• unconsciousness
  • shallow or no breathing
  • a weak, irregular pulse, or no pulse
  • dilated pupils

Someone with severe hypothermia may appear to be dead. However, under these circumstances they must be taken to hospital to determine whether they've died or if they're in a state of severe hypothermia. Medical treatment can still be used to resuscitate people with severe hypothermia, although it's not always successful.

Hypothermia in babies

Babies with hypothermia may look healthy, but their skin will feel cold. They may also be limp, unusually quiet and refuse to feed.

When to seek medical attention

Seek medical attention as soon as possible if you suspect hypothermia.

If you suspect someone has severe hypothermia, dial 999 immediately to request an ambulance.

Causes of hypothermia

Hypothermia is caused by getting too cold, as the body loses more heat than it can generate and body temperature drops below 35C (95F).

There are different types of hypothermia, depending on how quickly the body loses heat:

  • acute or immersion hypothermia - this happens when a person loses heat very rapidly; for example, after falling into cold water
  • exhaustion hypothermia - this happens when the body is so tired it can no longer generate heat
  • chronic hypothermia - where heat is lost slowly over time; this is common in elderly people who live in poorly heated accommodation or in people sleeping rough

Hypothermia is most common in cold environments. You're more at risk if you don't wear enough layers to keep warm or you don't cover your head (a large amount of body heat is lost through your head).

It's also possible to get hypothermia in mild weather. For example, if you're soaked in the rain and don't dry off properly soon afterwards - particularly if there's a cool wind - the water evaporates from your skin and lowers your body temperature.

Who's at risk

Certain groups of people are at an increased risk of developing hypothermia because they're vulnerable to cold environments or they're unable to keep warm.

  • babies - can lose heat quickly if they're left in a cold room as they can't regulate their body temperature as well as older children and adults; newborn babies are particularly at risk for the first 12 hours of their life
  • older people - particularly if they're not very active, don't eat enough, have other illnesses, or take medication that can interfere with the body's ability to regulate temperature
  • homeless people - if they are unable to find shelter
  • heavy alcohol or drugs - this is because these substances affect the body's ability to retain heat: the blood vessels stay widened, allowing heat to escape
  • people with a condition that affects their memory - people with conditions such as Alzheimer's disease may not be able to recognise if they're cold or if they have the symptoms of hypothermia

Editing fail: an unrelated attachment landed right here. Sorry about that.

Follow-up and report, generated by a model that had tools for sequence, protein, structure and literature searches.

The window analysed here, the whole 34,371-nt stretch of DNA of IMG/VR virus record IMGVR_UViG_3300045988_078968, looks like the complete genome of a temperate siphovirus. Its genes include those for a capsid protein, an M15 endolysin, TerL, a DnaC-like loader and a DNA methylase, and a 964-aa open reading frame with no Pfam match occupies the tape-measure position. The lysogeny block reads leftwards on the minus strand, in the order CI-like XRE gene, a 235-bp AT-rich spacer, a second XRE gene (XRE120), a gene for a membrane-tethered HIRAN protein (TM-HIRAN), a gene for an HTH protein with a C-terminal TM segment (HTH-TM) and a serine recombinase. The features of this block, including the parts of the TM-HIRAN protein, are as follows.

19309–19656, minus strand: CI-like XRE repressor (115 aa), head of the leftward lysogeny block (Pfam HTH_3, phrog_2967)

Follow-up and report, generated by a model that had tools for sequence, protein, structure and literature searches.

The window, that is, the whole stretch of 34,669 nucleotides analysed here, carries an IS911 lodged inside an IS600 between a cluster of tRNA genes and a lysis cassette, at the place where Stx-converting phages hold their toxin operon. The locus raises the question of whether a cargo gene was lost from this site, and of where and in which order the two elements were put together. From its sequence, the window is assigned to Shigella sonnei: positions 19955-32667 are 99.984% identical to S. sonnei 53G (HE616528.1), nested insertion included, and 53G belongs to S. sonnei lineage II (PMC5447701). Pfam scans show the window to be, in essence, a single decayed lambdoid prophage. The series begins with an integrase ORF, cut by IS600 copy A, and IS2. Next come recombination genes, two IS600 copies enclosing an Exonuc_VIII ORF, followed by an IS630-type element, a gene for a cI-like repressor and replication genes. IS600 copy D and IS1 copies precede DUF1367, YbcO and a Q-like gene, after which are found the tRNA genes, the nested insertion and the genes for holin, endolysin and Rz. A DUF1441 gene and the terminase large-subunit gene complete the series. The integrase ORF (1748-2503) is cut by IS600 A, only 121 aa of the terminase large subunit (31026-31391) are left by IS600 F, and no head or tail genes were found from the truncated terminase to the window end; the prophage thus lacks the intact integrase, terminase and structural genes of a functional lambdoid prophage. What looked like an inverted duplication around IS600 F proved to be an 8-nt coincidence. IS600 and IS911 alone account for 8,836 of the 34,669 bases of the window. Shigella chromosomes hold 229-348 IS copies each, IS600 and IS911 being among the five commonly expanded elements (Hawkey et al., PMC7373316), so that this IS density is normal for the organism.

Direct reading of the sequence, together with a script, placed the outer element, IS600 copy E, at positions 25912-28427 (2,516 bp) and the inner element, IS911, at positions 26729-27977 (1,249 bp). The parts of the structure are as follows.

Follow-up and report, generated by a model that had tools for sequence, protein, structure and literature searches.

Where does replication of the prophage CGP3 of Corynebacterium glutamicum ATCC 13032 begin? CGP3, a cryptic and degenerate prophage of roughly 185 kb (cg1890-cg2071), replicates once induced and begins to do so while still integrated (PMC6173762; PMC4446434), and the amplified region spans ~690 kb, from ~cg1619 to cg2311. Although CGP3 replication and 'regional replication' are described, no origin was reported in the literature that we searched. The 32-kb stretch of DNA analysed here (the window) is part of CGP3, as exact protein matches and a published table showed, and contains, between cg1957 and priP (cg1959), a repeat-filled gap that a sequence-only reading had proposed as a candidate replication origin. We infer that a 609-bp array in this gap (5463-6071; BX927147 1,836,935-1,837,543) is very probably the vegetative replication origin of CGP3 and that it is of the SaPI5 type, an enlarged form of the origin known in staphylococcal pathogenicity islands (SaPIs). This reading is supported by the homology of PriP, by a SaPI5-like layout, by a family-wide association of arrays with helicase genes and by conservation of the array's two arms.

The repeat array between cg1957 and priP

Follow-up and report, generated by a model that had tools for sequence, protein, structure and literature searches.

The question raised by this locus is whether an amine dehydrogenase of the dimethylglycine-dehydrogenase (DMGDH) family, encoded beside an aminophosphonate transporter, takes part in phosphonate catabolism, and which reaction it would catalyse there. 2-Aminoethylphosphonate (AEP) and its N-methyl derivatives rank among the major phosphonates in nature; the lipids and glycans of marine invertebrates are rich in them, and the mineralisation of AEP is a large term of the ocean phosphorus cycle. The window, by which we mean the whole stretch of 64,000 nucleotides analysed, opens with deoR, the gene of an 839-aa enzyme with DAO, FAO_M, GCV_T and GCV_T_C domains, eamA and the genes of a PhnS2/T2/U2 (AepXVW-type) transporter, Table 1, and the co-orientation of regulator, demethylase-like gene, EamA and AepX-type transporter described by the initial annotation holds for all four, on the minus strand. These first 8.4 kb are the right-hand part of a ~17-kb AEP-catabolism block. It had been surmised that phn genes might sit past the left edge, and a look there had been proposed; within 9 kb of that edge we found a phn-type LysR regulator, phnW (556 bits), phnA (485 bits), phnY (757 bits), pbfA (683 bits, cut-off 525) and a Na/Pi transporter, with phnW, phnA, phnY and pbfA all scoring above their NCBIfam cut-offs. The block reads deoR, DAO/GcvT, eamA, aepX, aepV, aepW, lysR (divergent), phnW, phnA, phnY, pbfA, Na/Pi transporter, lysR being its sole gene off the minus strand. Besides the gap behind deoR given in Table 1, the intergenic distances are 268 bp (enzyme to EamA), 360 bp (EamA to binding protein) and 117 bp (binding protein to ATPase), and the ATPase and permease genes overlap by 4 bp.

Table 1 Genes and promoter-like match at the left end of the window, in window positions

• people with certain health conditions - such as heart problems, severe arthritis, or someone who's had a stroke; these conditions can change the body's ability to respond to temperature changes, for example, by affecting the fingers and toes (where you may first feel cold)
  • people taking sedatives - these can interfere with the body's ability to regulate temperature
  • someone who's fallen into cold water - this can cause the body's core temperature to decrease very quickly
  • people who spend long periods in cold weather conditions - such as climbers, walkers and skiers
  • someone who's had a severe injury - particularly a head injury

Read more about preventing hypothermia.

Perioperative hypothermia

It's also sometimes possible for hypothermia to occur during a stay in hospital, particularly before, during and after an operation. This is known as perioperative hypothermia.

Hospital staff will try to ensure you stay warm during your hospital stay. They'll monitor your temperature and may use a special blanket that has warm air is blown into it to help stop you getting too cold. This is called forced air warming.

You should tell staff if you feel cold at any time during your stay in hospital.

Read the National Institute for Health and Care Excellence (NICE) guidelines for more information about the management of inadvertent perioperative hypothermia in adults (PDF, 174kb).

Therapeutic hypothermia

In some cases, medical professionals may deliberately make someone develop hypothermia as a treatment. This is known as therapeutic hypothermia.

There's evidence to suggest that, in some circumstances, inducing a state of hypothermia in the body can reduce the risk of death and increase the chances of a good recovery.

People who may receive this type of treatment include those who've had a cardiac arrest caused by a heart attack outside a hospital, but who've been successfully resuscitated and are in an intensive care unit.

Treating hypothermia

Hypothermia is treated by preventing further heat being lost and by gently warming the patient.

You should seek immediate medical attention if you suspect someone has hypothermia as it can be life threatening.

Read more about the symptoms of hypothermia.

Treating mild or moderate hypothermia

If you're waiting for medical treatment to arrive, the advice below will help prevent further heat loss.

  • Move the person indoors or somewhere warm as soon as possible.